Morning briefing: Blame game shame - no jobs for North East - fresh parliament battles
The Brexiters are ramping up the blame game. They know they have to pin the blame on others for all the chaos that would erupt from crashing out of the EU with no deal at all if they are to get their desired kamikaze Brexit.
So they and their allies in the press blame the EU for being beastly as well as fifth columnists at home for sabotaging Brexit. We have attacks on the Irish prime minister for being an “air head” and Philip Hammond for allegedly “killing the economy on purpose” to undermine Brexit.
Even relatively moderate voices are trying to develop a narrative that supports the idea that we woz robbed. The new foreign secretary, Jeremy Hunt, who voted Remain, said yesterday: “Many people in the EU are thinking that they just have to wait long enough and Britain will blink”.
Meanwhile Henry Newman, former adviser to Michael Gove, wrote a column in The Times yesterday criticising the European Commission’s “absurd negotiating stances” - highlighting its insistence that we nail down our divorce deal before we agree a new trade agreement, and that we keep the Irish border open.
We are at the early stages of an attempt to scapegoat others on an epic scale. The Brexiters - and their puppet Theresa May - are to blame for the mess that we find ourselves in. And they will be to blame if we crash out with no deal.
- Foot-dragging by the EU? Come off it. Our own prime minister has made can-kicking into an Olympic sport. It took her two years to produce a White Paper setting out her Brexit wish list.
- Divorce talks before chatting about a new deal? We are in a weak position because of the so-called “sequencing” of the negotiations. But we got in such a mess because May, under pressure from the Brexiters, triggered Article 50 without getting any concessions from the EU. She was warned by our then ambassador to the EU that we would get “screwed” - and we have been.
- The Irish border? It was the whole Cabinet, including Boris Johnson, who signed a deal with the EU in December which included a promise to keep the border open. This is the hook on which they have been wriggling ever since. It’s the Brexiters’ fault that they didn’t read the fine print.
More fundamentally, we are in a terrible plight because there is no good Brexit on offer. The Brexiters promised we could have our cake and eat it. But we can’t. They said the EU needs us more than we need it. But the EU hasn’t blinked.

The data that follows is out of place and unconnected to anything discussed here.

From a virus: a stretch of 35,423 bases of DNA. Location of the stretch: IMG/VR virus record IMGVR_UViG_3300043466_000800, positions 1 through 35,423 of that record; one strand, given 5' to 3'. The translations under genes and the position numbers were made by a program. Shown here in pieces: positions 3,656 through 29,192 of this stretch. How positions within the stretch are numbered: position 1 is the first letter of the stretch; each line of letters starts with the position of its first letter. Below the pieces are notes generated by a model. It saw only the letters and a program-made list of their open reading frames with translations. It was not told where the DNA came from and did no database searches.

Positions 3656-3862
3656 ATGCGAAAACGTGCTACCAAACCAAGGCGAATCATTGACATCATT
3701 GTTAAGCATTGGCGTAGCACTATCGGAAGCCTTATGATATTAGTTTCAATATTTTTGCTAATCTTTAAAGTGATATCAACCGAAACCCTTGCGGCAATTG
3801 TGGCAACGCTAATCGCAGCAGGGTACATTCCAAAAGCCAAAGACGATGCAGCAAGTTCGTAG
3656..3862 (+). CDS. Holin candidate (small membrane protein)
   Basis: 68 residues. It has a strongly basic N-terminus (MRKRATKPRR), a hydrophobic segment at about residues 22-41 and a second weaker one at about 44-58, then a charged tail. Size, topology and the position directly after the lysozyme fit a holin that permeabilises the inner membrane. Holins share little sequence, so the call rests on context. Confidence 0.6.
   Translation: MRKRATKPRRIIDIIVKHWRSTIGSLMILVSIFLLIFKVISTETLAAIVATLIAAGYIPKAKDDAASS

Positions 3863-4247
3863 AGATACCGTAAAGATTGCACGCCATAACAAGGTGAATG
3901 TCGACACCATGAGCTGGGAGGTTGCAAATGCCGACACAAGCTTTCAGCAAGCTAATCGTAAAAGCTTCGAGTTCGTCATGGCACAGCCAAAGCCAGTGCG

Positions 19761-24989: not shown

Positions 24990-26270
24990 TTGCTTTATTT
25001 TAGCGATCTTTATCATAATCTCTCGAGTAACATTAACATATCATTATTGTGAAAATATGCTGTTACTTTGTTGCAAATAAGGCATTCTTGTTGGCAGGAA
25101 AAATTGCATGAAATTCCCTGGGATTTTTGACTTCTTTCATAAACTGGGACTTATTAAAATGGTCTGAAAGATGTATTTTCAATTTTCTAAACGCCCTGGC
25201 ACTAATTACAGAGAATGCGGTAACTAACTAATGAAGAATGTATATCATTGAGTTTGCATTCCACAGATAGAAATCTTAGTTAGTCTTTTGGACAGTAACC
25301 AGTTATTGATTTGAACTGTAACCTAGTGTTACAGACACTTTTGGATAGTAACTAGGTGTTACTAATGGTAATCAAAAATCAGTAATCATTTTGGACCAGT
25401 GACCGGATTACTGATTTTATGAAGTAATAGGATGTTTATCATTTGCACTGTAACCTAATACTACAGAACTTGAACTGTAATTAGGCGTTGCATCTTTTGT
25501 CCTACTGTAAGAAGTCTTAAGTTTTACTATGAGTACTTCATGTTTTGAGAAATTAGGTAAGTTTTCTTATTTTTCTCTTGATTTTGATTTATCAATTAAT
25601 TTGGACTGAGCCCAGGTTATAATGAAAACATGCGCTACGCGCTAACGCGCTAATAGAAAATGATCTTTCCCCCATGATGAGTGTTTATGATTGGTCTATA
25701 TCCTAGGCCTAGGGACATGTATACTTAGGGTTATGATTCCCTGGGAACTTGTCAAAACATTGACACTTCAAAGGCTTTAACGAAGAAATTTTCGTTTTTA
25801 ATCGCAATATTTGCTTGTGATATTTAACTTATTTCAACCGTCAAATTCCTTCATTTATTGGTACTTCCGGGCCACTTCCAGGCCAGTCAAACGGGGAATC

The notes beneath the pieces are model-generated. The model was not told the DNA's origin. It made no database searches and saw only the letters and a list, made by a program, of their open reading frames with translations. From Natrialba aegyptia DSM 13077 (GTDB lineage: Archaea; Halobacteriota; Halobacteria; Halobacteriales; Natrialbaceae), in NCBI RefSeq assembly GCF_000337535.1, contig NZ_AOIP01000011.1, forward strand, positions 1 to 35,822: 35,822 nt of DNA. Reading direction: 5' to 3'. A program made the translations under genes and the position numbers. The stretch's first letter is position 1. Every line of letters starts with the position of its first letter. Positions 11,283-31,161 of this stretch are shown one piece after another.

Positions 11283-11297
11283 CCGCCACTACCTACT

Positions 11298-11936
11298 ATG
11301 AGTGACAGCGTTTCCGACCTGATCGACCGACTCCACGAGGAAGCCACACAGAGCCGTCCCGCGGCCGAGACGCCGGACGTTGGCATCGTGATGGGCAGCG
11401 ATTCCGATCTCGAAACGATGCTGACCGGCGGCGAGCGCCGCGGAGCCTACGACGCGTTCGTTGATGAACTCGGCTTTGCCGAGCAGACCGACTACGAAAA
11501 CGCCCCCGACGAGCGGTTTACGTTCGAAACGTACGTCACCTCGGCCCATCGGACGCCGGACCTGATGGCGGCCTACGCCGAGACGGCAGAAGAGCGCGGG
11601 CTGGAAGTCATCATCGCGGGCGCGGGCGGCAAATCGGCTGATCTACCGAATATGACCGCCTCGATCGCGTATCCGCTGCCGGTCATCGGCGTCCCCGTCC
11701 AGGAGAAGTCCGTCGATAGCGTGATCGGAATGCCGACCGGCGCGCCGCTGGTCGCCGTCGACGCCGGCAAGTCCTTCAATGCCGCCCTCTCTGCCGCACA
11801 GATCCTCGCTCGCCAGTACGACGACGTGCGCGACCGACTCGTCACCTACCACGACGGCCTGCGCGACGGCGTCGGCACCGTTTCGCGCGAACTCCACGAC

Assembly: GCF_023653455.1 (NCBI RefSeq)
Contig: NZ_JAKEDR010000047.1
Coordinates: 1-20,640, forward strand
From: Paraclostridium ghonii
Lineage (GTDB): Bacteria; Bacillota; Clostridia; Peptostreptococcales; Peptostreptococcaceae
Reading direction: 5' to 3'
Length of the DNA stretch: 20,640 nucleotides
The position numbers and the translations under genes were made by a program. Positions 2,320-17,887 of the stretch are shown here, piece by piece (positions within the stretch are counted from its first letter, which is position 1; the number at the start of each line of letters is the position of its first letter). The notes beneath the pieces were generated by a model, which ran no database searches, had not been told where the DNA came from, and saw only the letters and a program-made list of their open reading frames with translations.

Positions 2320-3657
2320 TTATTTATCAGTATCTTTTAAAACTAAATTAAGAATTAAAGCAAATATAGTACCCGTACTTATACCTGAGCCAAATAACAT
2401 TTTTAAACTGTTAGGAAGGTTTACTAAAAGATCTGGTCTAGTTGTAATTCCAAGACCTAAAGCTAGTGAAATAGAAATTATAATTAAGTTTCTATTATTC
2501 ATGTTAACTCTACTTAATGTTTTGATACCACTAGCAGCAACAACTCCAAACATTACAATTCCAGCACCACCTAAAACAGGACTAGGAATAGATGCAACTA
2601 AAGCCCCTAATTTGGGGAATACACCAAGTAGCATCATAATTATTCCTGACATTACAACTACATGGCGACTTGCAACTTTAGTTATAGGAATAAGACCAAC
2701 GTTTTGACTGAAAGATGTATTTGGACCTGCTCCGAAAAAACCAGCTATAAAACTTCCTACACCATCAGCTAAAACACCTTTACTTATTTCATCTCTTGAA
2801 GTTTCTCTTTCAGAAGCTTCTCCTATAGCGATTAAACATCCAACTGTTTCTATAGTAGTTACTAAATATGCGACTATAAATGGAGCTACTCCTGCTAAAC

The talks will end in either some variation of the prime minister’s humiliating rule-taker Brexit or the hardliners’ kamikaze one. At that point, the people must have the right to give their view on it.
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Graphic of the day
May’s deal danger to North East jobs
Theresa May had the temerity yesterday to tell workers in the North East that her Brexit plan will “protect jobs and livelihoods” in the region and help support local employers such as Nissan.
This is nonsense. The prime minister’s car-crash Chequers plan has been rejected by her party and the public, and picked apart by the EU. That creates huge uncertainty. And uncertainty is exactly what drives international manufacturers like Nissan away, as they make long-term preparations for a world after Brexit. Business leaders will be staggered that we’ve got this far and, after months of political can-kicking, still don’t have a viable Brexit proposal to work with.
It took years for the North East to even partially recover from the devastation brought by the closure of coal, steel and shipbuilding. Workers are about to be thwacked again by Brexit, and this time round it may be that no sustained recovery is possible.
Quote of the day
“Businesses are really concerned about the complete lack of clarity as to where the negotiations are currently headed. North East businesses certainly want to remain within the single market and the customs union."
James Ramsbotham, chief executive of the North East England Chamber of Commerce
New government bill draws Brexiter fire - before it’s even published
Today sees the unveiling of the government’s latest piece of big-ticket Brexit legislation: the Withdrawal Agreement and Implementation Bill. Its purpose is to bring the eventual withdrawal agreement with the EU (including the deal on a transition period) into UK law.
And guess what? May already looks like she’s going to have a hard time pushing it through Parliament. The Brexiters have got their objections in early, with the Telegraph reporting fears that the legislation amounts to a “series of blank cheques” for the EU to set the price of the UK’s divorce bill. There are also fears divorce payments won’t be conditional on actually getting a deal with the EU, something Brexit secretary Dominic Raab insisted on over the weekend. Expect parliamentary fireworks to resume after the summer recess.
Video of the day
WATCH: Here's what might happen over the 50 years Jacob Rees-Mogg says it will take to feel any Brexit benefits.
Tweet of the day
More Brexit news…
Also, this new project looking at the web of powerful and secretive networks behind Brexit is well worth a read...
Top Brexit comment
Milo Mallaby: My generation will pay the price of Brexit (InFacts)
Jason Arthur: Enough Tory Brexit chaos. Labour must now back a People’s Vote (LabourList)
Polly Toynbee: Take fright on Brexit: even the civil service head is telling us to panic (Guardian)
Today, Tuesday 24 July
|-||Government publishing its blueprint for the Withdrawal Agreement and Implementation Bill|
|09:45||Services industry leaders give evidence to Brexit committee|
|14:00||Dominic Raab and Olly Robbins give evidence to Brexit committee|
|-||House rises for summer recess (returns September 4)|
Tomorrow, Wednesday 25 July
|-||Parliament in summer recess|